Westminster College to Offer Utah's First Master of Science in Nurse Anesthesia Program
August 3, 2006
SALT LAKE CITY – In Utah, 70% of the state’s hospitals rely on the services of Certified Registered Nurse Anesthetists (CRNA). In rural Utah hospitals that number increases to 89% and in 59% of the rural hospitals, CRNAs are the only source of anesthesia for patients. Until now, there has not been a single institution of higher education in Utah which offered academic preparation for nurses who wished to become CRNAs and those Utahns have had to travel out-of-state for this degree.
In response to this need, Westminster College announced today that it will offer Utah’s first Masters of Science in Nurse Anesthesia (MSNA) program and following final accreditation this November by the Council on Accreditation of Nurse Anesthesia Educational Programs, Westminster plans to graduate 15 new CRNAs each year.
In addition to being the first of its kind in Utah, Westminster’s MSNA program will be the only program in the intermountain region and the fifth in the western United States. There are currently only 95 accredited CRNA programs in the country.
Westminster has hired the President-Elect for the Utah Association of Nurse Anesthetists James Stimpson to become the new Director of the Master of Science in Nurse Anesthesia Program. Stimpson was most recently the Chief Nurse Anesthetist at Ogden Regional Medical Center in Ogden, Utah and also has his own practice which he founded in 2004. He has experience in many different sub-specialties, including obstetrical and pediatric anesthesia, neurosurgery and cardiothoracic surgery.
Stimpson has worked as a Certified Nurse Anesthetist for many years and was also a member of the adjunct faculty at Weber State University. Stimpson has a Bachelors of Science in Nursing from Idaho State University in Pocatello, Idaho. He has a Masters of Anesthesiology Education from Gonzaga University in Spokane, Wash. He spent several years working as a Registered Nurse with the US Air Force Reserves, and later worked as an ICU nurse in Idaho Falls.
Westminster Dean of Nursing, Dr. Jean Dyer remarked, “Westminster has a long tradition of providing nursing professionals to serve our community and with the addition of this nurse anesthetist program we will be able to expand the way we support patients, doctors and the entire medical community in Utah and throughout the region.”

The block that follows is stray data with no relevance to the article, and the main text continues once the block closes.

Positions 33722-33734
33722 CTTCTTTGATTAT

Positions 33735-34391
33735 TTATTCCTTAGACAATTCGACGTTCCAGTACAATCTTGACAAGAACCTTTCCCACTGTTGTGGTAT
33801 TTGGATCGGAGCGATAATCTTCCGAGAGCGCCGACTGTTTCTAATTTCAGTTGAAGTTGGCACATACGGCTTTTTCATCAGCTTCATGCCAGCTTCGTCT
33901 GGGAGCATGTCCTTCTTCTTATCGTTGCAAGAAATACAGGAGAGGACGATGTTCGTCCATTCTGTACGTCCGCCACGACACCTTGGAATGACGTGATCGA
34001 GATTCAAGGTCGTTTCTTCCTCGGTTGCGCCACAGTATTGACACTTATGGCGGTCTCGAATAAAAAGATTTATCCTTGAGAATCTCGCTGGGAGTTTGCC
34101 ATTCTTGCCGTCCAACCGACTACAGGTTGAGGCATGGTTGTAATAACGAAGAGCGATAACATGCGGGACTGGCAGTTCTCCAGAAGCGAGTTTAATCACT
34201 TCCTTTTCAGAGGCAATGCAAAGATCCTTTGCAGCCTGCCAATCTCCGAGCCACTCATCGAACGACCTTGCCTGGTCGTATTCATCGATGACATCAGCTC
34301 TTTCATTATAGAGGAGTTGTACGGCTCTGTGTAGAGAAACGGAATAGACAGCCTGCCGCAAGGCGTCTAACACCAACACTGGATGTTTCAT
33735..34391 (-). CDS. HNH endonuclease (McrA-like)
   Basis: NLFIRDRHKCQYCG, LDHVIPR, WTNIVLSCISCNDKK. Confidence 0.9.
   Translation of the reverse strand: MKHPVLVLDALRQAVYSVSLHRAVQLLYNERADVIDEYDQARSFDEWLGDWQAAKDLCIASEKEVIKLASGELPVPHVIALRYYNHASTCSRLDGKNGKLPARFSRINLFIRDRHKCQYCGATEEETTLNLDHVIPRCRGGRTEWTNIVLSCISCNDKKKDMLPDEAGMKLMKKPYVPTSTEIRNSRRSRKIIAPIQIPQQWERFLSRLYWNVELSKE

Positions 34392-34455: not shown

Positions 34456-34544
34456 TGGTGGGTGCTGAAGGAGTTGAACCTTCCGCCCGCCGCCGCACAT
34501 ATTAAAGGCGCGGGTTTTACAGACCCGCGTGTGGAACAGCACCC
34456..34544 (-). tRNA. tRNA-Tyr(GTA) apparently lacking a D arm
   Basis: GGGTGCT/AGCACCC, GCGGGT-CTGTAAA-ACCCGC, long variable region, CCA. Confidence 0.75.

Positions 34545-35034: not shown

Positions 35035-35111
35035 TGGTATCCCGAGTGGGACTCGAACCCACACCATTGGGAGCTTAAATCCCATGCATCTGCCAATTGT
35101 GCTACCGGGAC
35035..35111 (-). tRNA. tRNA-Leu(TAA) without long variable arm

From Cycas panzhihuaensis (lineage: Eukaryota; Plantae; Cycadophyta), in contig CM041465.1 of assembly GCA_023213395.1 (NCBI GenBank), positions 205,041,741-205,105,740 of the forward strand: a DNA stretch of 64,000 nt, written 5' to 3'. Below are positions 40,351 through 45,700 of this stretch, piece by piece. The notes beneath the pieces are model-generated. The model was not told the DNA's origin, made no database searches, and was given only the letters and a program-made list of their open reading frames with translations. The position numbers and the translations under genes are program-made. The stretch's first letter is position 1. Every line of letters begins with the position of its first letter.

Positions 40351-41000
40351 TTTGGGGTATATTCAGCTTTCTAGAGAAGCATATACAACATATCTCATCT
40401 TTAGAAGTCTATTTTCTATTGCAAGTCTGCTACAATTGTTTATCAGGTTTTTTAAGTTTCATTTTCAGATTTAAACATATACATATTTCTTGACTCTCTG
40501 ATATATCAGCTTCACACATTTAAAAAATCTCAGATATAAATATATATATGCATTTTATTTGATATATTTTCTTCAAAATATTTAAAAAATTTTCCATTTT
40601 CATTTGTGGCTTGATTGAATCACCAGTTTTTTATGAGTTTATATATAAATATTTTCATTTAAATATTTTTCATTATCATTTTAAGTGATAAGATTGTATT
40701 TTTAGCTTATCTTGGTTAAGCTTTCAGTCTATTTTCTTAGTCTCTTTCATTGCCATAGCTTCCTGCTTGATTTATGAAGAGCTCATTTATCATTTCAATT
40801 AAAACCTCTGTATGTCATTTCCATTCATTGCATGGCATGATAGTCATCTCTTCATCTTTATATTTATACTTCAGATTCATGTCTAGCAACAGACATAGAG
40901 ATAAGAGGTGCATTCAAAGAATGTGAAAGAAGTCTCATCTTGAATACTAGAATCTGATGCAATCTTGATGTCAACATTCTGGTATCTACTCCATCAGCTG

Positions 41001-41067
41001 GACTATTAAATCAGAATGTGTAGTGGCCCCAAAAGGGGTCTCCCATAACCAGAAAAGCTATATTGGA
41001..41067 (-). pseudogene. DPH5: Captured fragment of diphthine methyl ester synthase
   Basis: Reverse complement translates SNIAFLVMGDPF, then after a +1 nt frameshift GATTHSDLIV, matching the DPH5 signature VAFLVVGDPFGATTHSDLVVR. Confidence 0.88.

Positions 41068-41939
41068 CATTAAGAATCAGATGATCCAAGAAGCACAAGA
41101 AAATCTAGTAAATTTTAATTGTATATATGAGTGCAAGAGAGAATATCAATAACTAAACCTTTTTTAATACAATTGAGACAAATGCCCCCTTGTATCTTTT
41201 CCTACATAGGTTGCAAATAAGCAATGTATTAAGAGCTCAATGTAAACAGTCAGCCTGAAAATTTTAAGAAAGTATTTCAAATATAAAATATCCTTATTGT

Dr. Dyer identified the need for a nurse anesthesia program shortly after arriving at the college in 2004. In her previous role as Director of Nursing at the University of New England, she had worked closely with administrators of the CRNA program there for 11 years. To develop the new program at Westminster College, Dr. Dyer worked for nearly two years to develop a curriculum, identify clinical sites and to initiate the accreditation process.
The Master of Science in Nursing Anesthesia program is a 30 month program that includes interactive classroom, human simulator, gross anatomy experiences and service learning field work. The first 10 months of classroom experiences will be offered on Westminster’s campus. The following 20 months will require students to rotate through a combination of urban and rural clinical facilities. Graduates of the Masters of Science in Nurse Anesthesia program are eligible to take the National Certifying Examination, passage of which enables the Certified Registered Anesthetist to practice in all 50 states.
For more information on nurse anesthetists, visit the American Association of Nurse Anesthetists website at www.aana.com.
Background Information on Certified Registered Nurse Anesthetists:
Certified Registered Nurse Anesthetists (CRNAs):
- Provide 65% of the anesthetics delivered in the United States
- Practice in every setting in which anesthesia is provided: traditional hospital surgical suites and obstetrical delivery rooms; critical access hospitals; ambulatory surgical centers; the offices of dentists, podiatrists, ophthalmologists, plastic surgeons, and pain management specialists; and the U.S. Military among others
- 70% of Utah hospitals rely on the services of CRNAs
- In Utah’s rural hospitals, 89% have CRNAs and 59% of rural hospitals rely exclusively on CRNAs
- Provide obstetrical anesthesia at 82% of Utah hospitals, and 92% of rural Utah hospitals
- Are the sole obstetrical anesthesia providers at 71% of rural Utah hospitals
- Are the sole providers of anesthesia in more than two-thirds of all rural hospitals nationally, according to the American Association of Nurse Anesthetists.
There are 95 accredited CRNA programs in the United States:
- There are no other CRNA programs in Utah
- 35% of these programs are located in the South
- 30% are located in the East
- 25% are located in the Midwest
- 5% are located in the Plains/Mountain states
- 5% are located in the West